How to be a peacemaker
What does the Bible say about conflict management?
We live in a world where differences of opinion are common. But these disagreements can lead to conflict, strife and violence. This happens in marriages, in families, in neighborhoods, at work and in churches. It happens in all kinds of relationships between people.
Conflict between nations can lead to war. In January 2020 Donald Trump announced a Middle East peace plan to solve the Israel–Palestinian conflict. And after more than 18 years of war in Afghanistan, the US has signed a peace treaty with the Taliban.
Peace has been elusive. These wars go on and on. There are so many barriers to peace.
Did you know that God has a peace plan for us and He wants each of us to be peacemakers?
God’s peace plan
The Bible says that we all inherit a sinful nature from Adam and Eve. And “the sinful nature is always hostile to God” (Rom. 8:7NLT). Naturally there is a barrier between us and God. Naturally we are God’s enemies or we ignore God.
We are “all under the power of sin” (Rom. 3:9NIV). All humanity is under the penalty and the power of sin. Sin separates people from God (Isa. 59:2) and from others. In our sinful state, we cannot be reconciled, we cannot have peace with God, no matter how hard we try. The Bible says, “the way of peace they do not know” (Rom. 3:17). Our natural desire is not to seek peace with others. Sin caused separation among people. We now live in a world marked by division. Without God, there can be no long-term peace. And that’s the world we live in. There is no lasting peace.
But God had a peace plan. “While we were God’s enemies, we were reconciled to Him through the death of His Son” (Rom. 5:10). God sent Jesus to destroy the barrier so that people can be reconciled with God. Through Christ’s death, we can change from being an enemy of God to a friend of God.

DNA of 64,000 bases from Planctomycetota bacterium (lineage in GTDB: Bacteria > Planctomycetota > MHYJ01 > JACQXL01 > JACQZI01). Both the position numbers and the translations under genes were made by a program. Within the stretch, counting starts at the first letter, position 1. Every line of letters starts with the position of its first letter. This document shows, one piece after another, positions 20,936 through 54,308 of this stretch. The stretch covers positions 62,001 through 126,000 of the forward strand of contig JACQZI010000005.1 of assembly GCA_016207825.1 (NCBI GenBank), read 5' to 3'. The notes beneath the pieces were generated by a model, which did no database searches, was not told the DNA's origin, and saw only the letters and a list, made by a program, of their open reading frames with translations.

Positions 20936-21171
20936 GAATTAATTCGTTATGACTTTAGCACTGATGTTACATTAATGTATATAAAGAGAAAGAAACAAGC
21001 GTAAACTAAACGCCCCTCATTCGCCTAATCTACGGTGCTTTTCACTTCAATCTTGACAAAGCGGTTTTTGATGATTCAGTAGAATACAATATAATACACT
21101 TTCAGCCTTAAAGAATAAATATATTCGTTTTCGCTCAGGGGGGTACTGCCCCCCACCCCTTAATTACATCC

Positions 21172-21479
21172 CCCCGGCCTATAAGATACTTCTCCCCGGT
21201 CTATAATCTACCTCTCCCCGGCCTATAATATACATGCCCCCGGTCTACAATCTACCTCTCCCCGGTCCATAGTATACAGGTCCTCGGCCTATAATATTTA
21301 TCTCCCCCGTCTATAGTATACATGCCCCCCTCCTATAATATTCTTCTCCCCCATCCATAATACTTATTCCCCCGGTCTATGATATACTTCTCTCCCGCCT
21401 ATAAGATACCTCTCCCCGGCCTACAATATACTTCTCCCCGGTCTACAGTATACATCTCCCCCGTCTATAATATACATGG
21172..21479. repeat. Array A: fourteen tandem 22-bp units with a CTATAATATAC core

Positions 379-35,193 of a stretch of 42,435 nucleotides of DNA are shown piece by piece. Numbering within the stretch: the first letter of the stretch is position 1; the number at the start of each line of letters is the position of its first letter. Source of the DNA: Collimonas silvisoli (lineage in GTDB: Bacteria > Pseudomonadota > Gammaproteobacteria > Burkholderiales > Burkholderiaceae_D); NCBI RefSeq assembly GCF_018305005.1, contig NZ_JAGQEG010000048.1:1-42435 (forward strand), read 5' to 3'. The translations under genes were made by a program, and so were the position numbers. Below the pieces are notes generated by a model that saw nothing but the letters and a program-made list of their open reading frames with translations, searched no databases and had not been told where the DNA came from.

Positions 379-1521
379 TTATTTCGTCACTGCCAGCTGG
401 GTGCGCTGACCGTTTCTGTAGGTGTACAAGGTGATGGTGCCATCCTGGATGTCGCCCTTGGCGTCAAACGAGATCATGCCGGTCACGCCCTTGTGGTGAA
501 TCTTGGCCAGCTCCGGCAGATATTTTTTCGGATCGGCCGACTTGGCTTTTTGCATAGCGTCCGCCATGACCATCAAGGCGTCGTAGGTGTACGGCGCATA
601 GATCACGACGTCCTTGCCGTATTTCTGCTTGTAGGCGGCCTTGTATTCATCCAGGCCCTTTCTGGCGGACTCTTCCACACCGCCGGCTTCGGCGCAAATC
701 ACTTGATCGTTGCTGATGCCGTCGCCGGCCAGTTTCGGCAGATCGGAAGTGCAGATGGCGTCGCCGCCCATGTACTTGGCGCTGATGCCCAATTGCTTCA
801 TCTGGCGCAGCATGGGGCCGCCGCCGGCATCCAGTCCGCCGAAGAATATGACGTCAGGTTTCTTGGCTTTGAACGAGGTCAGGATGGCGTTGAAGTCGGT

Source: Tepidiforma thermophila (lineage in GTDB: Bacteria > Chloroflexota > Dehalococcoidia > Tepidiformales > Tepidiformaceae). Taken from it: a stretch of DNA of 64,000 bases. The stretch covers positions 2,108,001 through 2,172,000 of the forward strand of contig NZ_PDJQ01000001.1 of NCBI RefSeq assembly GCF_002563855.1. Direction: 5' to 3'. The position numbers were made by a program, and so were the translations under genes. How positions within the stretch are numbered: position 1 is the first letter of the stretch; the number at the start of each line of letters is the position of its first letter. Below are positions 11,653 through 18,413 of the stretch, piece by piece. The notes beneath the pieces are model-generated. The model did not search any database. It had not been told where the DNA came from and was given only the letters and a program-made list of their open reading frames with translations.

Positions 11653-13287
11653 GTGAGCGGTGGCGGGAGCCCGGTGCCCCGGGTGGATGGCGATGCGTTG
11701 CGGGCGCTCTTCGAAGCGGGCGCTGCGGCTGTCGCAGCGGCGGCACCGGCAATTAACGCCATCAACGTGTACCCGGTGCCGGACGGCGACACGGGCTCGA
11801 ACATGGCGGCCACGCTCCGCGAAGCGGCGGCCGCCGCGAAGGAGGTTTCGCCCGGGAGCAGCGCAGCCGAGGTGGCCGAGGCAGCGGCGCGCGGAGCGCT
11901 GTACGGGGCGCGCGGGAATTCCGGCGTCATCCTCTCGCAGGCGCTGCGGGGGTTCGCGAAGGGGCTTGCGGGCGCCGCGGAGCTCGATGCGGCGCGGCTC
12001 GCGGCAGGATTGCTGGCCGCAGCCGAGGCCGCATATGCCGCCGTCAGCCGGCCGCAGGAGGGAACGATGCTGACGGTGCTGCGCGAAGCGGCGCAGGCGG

God’s peace plan is summarized in this diagram. Adam and Eve had peace with God, they were friends of God. When they sinned a barrier developed and they were separated from God and became enemies of God. Everyone who inherits life from Adam and Eve is born with this barrier between them and God. But through Christ’s death they can be reconciled with God and have peace with God. That’s God’s peace plan, how each person can have peace with God. The Bible says, “we have peace with God through our Lord Jesus Christ” (Rom. 5:1).
What do we learn from how God brought peace?
– Jesus didn’t stand up for His rights, but came in humility (Phil. 2:6-8).
– Jesus confronted the barrier (of sin) that caused the strife. He moved towards the trouble, but when He came the trouble flared. The innocent started the reconciliation process (Rom. 5:8). We need to get the log out of our eye first. Peacemaking takes courage. It’s not easy.
– He loved before He was loved in return.
Why do we need peacemakers? We need peacemakers because of our sin. In this case God the Father, Jesus Christ and the Holy Spirit are the peacemakers.
The gospel unifies people (Eph. 2:14-16). Jesus is the source of reconciliation and of restoration. The gospel has made us a new creation. It changes everything. It gives a new outlook on life. It empowers us to love our enemies. We are loved, forgiven and reconciled by God. Therefore, we can love, forgive and reconcile with others.
Peace with one another
But God’s peace plan isn’t just for individuals. After showing how sinners who deserve God’s judgment can live eternally with God (v.1-10), in Ephesians 2:11-19NLT Paul shows how to have peace with one another. He’s writing to Christians in Ephesus.
11 Don’t forget that you Gentiles used to be outsiders. You were called “uncircumcised heathens” by the Jews, who were proud of their circumcision, even though it affected only their bodies and not their hearts. 12 In those days you were living apart from Christ. You were excluded from citizenship among the people of Israel, and you did not know the covenant promises God had made to them. You lived in this world without God and without hope.
The Jews and Gentiles were enemies.
13 But now you have been united with Christ Jesus. Once you were far away from God, but now you have been brought near to Him through the blood of Christ.
Now they are both Christians. They both had peace with God.
14 For Christ Himself has brought peace to us. He united Jews and Gentiles into one people when, in His own body on the cross, He broke down the wall of hostility that separated us. 15 He did this by ending the system of law with its commandments and regulations. He made peace between Jews and Gentiles by creating in Himself one new people [the church] from the two groups. 16 Together as one body, Christ reconciled both groups to God by means of His death on the cross, and our hostility toward each other was put to death.